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Old 12-23-2013, 12:17 PM   #1
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2008 Boxster S Track Tires

I am trying to buy track tires for a 2008 Boxster S to put on the original rims. Original tires are 265/40/18 and 235/40/18

I am doing track days and I am still leraning but I am having a hard time finding track tires that are the correct size.

I wanted to use Toyo RA-1's but couldn't find the right size,

I found some BF Godrich g-force R1 either 225/40 or 245/40 for the front and 265/35 for the back but wasn't sure if these sizes would work.

Any advice would be appreciated.

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Old 12-23-2013, 12:32 PM   #2
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I have minimal 987 track experience, but it is a slow day on the forum, so I will say I don't foresee any problems with either size other than best front size for the specific type racing you plan.
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Old 12-23-2013, 12:40 PM   #3
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Do you trailer the car to the event or drive back and forth?

If you drive to the event, look into tires like Michelin Sport Cups, or Yoko AD08. You need a road worthy (and legal) tire with some track worthyness.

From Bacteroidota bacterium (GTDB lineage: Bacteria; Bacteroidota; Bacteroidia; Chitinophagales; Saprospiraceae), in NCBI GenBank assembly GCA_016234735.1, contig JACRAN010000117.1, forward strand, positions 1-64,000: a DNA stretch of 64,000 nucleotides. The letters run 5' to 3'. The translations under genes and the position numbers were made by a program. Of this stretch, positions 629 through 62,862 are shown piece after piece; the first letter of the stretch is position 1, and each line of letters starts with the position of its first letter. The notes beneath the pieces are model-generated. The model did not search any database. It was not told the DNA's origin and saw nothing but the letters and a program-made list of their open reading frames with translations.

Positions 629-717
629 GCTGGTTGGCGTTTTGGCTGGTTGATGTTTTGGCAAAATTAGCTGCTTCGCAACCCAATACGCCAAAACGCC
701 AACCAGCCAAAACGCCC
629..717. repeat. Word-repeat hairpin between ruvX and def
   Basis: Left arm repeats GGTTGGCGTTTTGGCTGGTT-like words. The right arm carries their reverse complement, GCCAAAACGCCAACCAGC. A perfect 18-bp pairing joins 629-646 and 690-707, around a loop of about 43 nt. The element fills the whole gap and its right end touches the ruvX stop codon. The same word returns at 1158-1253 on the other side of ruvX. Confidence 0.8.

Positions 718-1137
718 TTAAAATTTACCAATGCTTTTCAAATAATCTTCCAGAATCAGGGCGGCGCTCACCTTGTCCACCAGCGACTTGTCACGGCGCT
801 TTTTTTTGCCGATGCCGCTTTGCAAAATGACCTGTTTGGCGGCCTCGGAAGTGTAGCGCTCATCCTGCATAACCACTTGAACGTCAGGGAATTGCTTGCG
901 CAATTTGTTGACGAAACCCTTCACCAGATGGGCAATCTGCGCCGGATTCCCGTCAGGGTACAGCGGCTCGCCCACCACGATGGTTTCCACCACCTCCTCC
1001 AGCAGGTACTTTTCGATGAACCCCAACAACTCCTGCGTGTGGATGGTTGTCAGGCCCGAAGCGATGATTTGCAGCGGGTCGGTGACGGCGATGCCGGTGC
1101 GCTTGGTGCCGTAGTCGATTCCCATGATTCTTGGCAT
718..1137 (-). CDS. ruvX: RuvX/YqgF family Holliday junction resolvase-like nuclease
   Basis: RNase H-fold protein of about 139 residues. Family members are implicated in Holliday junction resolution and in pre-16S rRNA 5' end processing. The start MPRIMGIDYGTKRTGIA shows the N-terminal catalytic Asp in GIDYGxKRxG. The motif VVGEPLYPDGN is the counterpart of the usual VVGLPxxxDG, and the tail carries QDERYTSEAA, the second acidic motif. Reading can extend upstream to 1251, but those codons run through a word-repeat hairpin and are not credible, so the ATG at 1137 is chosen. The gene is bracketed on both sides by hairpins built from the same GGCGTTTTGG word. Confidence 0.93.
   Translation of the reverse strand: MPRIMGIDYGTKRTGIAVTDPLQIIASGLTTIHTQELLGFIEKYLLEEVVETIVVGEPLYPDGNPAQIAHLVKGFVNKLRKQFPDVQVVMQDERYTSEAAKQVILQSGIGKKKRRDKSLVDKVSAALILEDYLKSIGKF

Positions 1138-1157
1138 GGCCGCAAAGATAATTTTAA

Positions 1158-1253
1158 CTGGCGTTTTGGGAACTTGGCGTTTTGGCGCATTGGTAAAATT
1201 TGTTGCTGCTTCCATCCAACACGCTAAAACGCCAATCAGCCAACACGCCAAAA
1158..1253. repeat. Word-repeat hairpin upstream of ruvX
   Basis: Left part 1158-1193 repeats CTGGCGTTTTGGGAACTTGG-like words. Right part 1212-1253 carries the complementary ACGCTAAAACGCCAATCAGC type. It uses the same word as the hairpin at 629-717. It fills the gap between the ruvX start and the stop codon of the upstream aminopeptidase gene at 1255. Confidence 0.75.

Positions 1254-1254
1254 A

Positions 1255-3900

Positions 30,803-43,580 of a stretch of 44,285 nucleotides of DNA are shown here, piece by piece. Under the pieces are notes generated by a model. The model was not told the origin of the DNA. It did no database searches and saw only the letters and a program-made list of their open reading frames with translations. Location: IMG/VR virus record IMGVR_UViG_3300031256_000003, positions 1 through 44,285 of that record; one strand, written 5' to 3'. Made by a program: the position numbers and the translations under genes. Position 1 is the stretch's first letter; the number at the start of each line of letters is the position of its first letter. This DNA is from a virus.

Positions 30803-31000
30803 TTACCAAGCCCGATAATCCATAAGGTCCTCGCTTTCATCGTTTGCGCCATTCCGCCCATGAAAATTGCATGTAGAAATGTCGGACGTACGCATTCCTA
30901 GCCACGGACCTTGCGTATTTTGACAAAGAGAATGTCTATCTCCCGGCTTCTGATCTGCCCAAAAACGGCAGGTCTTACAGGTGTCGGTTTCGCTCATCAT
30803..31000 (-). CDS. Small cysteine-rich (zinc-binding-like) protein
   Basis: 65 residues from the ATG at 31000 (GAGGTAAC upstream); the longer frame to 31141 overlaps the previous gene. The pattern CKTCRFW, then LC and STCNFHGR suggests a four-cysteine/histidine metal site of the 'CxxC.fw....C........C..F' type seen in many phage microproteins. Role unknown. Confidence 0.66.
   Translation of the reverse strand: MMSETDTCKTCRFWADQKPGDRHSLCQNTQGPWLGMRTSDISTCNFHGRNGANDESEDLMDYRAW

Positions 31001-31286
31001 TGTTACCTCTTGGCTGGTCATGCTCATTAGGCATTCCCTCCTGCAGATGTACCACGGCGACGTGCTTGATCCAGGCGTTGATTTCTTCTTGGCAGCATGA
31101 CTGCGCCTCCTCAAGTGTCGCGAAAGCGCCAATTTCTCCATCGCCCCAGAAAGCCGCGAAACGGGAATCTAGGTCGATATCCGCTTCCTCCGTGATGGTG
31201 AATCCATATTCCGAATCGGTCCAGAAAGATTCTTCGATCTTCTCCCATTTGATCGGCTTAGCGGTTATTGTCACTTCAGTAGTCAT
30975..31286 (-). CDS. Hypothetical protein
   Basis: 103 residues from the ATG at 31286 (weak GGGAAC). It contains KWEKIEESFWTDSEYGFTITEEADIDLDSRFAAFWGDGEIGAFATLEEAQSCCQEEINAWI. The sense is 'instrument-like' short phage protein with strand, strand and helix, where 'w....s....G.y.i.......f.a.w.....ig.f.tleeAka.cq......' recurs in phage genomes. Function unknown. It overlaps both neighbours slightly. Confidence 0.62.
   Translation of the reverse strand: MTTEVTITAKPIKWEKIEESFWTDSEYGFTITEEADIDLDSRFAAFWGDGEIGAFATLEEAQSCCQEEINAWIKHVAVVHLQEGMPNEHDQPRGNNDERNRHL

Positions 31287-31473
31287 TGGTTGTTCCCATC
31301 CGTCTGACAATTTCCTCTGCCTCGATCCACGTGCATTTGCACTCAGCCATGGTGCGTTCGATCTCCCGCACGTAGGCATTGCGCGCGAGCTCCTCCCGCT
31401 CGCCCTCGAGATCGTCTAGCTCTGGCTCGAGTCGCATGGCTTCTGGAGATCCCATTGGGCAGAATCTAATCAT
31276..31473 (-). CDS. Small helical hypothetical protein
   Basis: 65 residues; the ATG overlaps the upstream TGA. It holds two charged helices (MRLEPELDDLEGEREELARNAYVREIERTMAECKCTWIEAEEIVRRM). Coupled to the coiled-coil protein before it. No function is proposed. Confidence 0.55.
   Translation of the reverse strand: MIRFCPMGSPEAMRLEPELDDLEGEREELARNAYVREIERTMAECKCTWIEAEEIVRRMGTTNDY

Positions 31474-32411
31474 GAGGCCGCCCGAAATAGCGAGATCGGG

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Old 12-23-2013, 01:32 PM   #4
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225/265 will fit but make sure you have done the necessary suspension prep first. Soft R-Compound tires need 2-3 degrees minimum negative camber or they will destroy themselves in about 3 hrs of track time on stock suspension. $1200 Poof! Ask me how I know this.
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Old 12-23-2013, 04:00 PM   #5
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As Topless said, unless you have the suspension setup (my Boxster Spec car has -3.5 deg) and the driving skills to make use of an R-compound tire, I'd suggest using a sticky street tire; you'll get more laps out of it and it will be more progressive and give some warning at the limit. Most R-compound tires grip fine right up until they don't, and this tends to happen without much warning.

Furthermore, the Toyo RA-1 is really a rain race tire and as such, it needs to be shaved to 4/32" if you're going to run it in the dry. Yes, this is shaving off HALF of the tread, which means half the life (welcome to the reality of track costs, my friend). If you run them unshaved (full tread depth), they will wiggle, squirm, and slide all over the place until they wear down.

If you're hard over about using a Toyo R-compound tire, then get the R888. It doesn't need to be shaved, has excellent handling characteristics, and you can run it down to the chord without too much drop-off in grip/speed. The most bang for the buck in R-compound tires is the Nitto NT-01; great grip, long lasting, and little drop-off until they are worn to the chord.

To find a great street tire that will work well on the track, do a search for your tire sizes on Tire Rack and then sort by UTQG (upper left box). Look for a tire that has a UTQG less than 240 or so.

I just took a quick look and there are several great tires listed in your stock size: Bridgestone Potenza RE-11, Yokohama Neova AD08, and Michelin Pilot Sport PS2.